In the beginning, I’d hit my goal heart rate range when I’d run at a 7:20 pace. As the weeks went on and I kept running intervals at that pace, I noticed that my heart rate was sinking lower than 168bpm even at the end of the workout. Thanks to heart rate readings, I knew it was time to increase my pace and account for my new-found strength. This, in turn, let me continue improving as my body was ready for it. Now, a year later, I still run in the 168-170 heart rate range for my intervals, but I run them in the 6:20 pace range. That’s right…I’m running 6:20’s at the exact same heart rate that I used to run my 7:20’s! That’s the power of intervals at work, my friends!
Step #4: Do the 10/2
Warm up for about 10 minutes, or until everything is loose and your heart is pumping at a steady-but-comfortable rate. Now, get ready for your first 10-minute effort! You will not take a walking break between the warmup and the first set. You WILL take breaks between every set after that.
Here’s where the name, 10/2 comes from. Run at your LT pace/heart rate for 10 minutes, then walk for 2 minutes. That is one set. The number of sets will depend on your current fitness and total weekly mileage. When I first started and was running about 25-30 miles a week, I did 3 sets the first couple weeks. It was a 54 minute workout: 10 minute warmup, 30 total minutes of running at LT pace, 10 minute cooldown, and 4 minutes of total walking in between my sets.
Start with as many sets as you feel comfortable doing, and remember to resist the temptation to run all-out for 10 minutes! Regardless of the number of sets you do, the goal is to run each and every 10 minute effort at nearly the same LT pace, from first to last and start to finish. Overdo it and not only will you find yourself needing to slow down to complete the workout, you’ll tire yourself out more than intended and you’ll have trouble adding additional sets over the course of time. Adding more and more sets at LT pace is the ultimate goal. This is not speed work. It shouldn’t leave you feeling completely maxed out by the end. The magic of LT intervals is that they are long enough to challenge you but not intense enough to kill you.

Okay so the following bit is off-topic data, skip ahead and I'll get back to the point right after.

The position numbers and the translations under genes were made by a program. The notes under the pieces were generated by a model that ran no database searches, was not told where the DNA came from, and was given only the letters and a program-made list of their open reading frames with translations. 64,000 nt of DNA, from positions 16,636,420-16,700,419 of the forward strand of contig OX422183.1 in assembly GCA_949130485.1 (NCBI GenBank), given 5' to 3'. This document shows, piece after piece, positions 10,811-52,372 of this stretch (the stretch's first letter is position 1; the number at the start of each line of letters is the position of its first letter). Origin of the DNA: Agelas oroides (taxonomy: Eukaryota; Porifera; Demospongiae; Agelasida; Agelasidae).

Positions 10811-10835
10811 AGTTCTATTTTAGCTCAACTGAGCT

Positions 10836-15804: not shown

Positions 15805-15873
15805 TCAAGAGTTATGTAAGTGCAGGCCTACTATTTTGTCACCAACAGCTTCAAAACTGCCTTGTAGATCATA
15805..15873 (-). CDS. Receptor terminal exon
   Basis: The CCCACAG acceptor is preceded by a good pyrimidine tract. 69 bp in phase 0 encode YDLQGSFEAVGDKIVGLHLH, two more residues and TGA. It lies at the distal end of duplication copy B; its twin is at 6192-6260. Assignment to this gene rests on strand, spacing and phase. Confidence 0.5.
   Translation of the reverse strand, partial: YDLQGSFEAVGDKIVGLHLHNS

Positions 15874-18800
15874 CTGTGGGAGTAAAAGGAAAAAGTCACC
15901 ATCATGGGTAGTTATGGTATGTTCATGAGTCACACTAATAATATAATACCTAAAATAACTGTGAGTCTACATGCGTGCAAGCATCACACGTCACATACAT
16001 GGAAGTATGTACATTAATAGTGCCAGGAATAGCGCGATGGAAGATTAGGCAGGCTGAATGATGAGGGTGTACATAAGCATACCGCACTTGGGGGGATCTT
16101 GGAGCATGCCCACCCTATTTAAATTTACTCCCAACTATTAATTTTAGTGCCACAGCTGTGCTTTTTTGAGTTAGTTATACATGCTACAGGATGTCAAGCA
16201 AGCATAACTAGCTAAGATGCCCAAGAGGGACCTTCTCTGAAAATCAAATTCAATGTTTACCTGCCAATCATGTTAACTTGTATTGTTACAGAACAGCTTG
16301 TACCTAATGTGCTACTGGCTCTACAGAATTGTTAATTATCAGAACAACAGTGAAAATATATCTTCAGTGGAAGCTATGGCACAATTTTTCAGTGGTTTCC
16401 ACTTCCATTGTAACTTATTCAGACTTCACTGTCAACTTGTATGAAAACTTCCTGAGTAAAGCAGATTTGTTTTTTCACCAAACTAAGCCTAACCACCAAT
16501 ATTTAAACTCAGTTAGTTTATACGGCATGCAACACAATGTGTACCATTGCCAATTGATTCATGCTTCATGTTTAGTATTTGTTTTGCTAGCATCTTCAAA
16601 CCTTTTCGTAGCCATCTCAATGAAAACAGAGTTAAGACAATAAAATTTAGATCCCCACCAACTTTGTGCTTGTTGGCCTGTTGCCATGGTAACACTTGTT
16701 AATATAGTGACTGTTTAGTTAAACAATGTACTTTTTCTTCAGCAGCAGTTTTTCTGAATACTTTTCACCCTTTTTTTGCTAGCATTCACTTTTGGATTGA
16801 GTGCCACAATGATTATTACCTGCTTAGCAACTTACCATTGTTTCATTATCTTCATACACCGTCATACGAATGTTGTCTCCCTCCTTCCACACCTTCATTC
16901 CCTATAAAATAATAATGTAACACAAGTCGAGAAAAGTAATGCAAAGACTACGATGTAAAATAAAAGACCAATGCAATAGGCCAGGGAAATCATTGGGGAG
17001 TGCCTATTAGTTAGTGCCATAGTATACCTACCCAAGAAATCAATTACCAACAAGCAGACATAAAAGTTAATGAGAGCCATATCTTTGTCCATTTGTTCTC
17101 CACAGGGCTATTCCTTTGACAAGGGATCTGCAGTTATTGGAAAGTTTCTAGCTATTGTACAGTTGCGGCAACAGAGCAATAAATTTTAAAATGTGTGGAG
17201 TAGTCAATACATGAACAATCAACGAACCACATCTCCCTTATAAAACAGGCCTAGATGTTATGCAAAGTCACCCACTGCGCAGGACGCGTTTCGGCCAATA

Try to increase the number of 10-minute efforts you do by 1-2 sets every couple weeks as you feel ready (or as your heart rate prompts!) If you add extra sets and find it difficult to maintain your LT pace for the full 10 minute duration, go back to the number of sets you WERE able to complete successfully and do that for another week or two. If you tend to work rest weeks into your schedule, consider leaving this workout out of the lineup then and pick it back up the following week.
Here’s the cool part: the sky is the limit for total number of sets! For the last 18 weeks of marathon training, I’ve done an interval workout almost every week. Lately, I’ve been pleasantly surprised by how many miles I’m able to tick off in this 10/2 fashion, and at increasingly fast paces. My proudest interval moment happened about a week ago, when I accomplished 11 sets, logged a grand total of 20 miles, and recovered without much trouble at my fastest interval pace yet. I felt like a rock star! Thanks, intervals!
Regardless of your distance goals or running hopes for 2015, the 10/2 workout is a great way to shake up your usual routine. These 10/2 workouts are fantastic for they way they provide immediate feedback and a very tangible way to watch your progress over time. Highly recommended!
Is this a workout you would do? What’s your favorite workout?